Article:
Stokkøya is small island middle left of Norway. The island is made up of 300 residents and there are two sides to the island - the very local, traditional side and the younger more touristy side. In between these polarised ends is a small supermarket (the manager Walter told us where the moose hang out) the supermarket is called Coop - everyone goes to Coop.
There was a palatable tension on the island between tradition and modernity, the local and the global, settling and growth - yet for everyone it boiled down to their fight for survival and what it means to remain rooted in a multi temporal world. We wanted to make something that people were proud of and we didn't want people to crane their necks while we shout from the hills. We wanted to tell the quiet stories, the ones people have taken care of and grown, ones that bring people together.
Våre Poteter (Our Potatoes) is a recipe book that celebrates the potato. It tells the story of knowledge, tradition, generously, ritual and joy. Recipes that place us in a moment in time, from then and now, from old and young, from here and from far away yet all gathered from and upon the small island of Stokkøya. These are recipes for survival; as it is the potato that keeps us warm in the winter and the potato that brings us together at the end of the day.
Våre Poteter is a collection of 43 potato recipes collected from Stokkøya residents - from Sylva who is 83 and has lived on the island her whole life and used to eat cormorant with goat cheese for dinner to Ebrahim; a Syrian refugee who came to Stokkøya five years ago who likes potato Dauphinoise to 12 year old Carl who’s favourite potato recipe is to buy the frozen chips from Coop and cook them. You can pick up your copy for free from Coop supermarket on Stokkøya and Bygdeboksen and soon to be able to borrow from Åford library, Central St Martin's library and Falmouth library. (It's mainly in Norwegian, sorry.)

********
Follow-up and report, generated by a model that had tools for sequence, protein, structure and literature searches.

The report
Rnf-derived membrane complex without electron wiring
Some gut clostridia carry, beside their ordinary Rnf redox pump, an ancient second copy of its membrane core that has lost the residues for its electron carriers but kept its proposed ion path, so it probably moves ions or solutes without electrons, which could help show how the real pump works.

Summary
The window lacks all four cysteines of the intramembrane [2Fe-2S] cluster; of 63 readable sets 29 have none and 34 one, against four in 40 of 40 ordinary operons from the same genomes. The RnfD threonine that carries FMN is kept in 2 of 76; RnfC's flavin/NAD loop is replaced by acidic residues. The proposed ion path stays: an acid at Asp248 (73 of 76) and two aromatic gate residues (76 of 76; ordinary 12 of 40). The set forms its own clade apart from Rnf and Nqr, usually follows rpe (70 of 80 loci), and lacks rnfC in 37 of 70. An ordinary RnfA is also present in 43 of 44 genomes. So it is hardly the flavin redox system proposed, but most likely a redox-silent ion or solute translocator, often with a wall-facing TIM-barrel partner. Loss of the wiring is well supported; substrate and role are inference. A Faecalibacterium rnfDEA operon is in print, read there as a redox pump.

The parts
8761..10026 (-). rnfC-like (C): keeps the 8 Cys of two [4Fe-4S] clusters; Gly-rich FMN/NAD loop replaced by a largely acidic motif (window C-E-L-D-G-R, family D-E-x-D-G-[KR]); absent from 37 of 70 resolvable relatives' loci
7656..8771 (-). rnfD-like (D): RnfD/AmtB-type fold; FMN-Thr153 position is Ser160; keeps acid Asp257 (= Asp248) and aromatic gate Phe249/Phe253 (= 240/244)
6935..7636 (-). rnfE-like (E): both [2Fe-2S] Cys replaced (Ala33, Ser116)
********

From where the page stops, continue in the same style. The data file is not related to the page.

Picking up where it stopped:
We launched Våre Poteter by inviting contributors and locals to a potato feast at Bygdeboksen. For starter we served Carl’s chips (frozen chips from Coop), Bente-Elin’s Pommes Duchess, Anny and Sylva’s Kumle, Ingrid’s potato pizza and Joshua’s Potatoes in Mojo sauce. For main we serves two 4kg cod caught off the island the day before with Genny’s roast potatoes, Sturla’s janssons temptations, Lena’s potato salad and green salad and for desert we served Aina’s Potato Lefse. We invited contributors to come and cook their dishes with us in the days before the feast and Aina turned up with a life time collection of Lefse making tools and knowledge. The evening ending with an unexpected book signing for a comic twist.
While making the potato recipe book we wanted to make a series of handheld/ pocket sized potato sculptures that could be given out alongside the book. We went to the local ship yard where they had a bin of zinc anodes (these are strapped to the bottom of big ships and used to prevent corrosion through cathodic protection, also known as sacrificial zinc). We made 6 potato moulds and set about trying to melt the zinc to pour into the moulds - zinc melts at 419.5°C and although we had run a tester which went well, melting zinc on mass on an open fire was torturous. We spent two long days in gas masks with burning faces trying to melt it and when we finally got it to melt our moulds kept shattering. So we left with 5 zinc potatoes (not enough for everyone). So instead of handing them out we fixed them to an aluminium pole that I pulled out of an oven in the scrap yard and mounted them on a nice piece of wood and asked Coop if we could install the sculpture in the supermarket. Walter the manager was incredible excited and found a nice spot of it on the windowsill in the back room where islanders come and drink their coffees every morning at 11am - also the place where we met and chatted to lots of people and got their recipes. I’m glad we didn’t make 43 zinc potatoes and i’m glad the potato sculpture now looks out over the sea in Coop where people will gather everyday for a long time to come.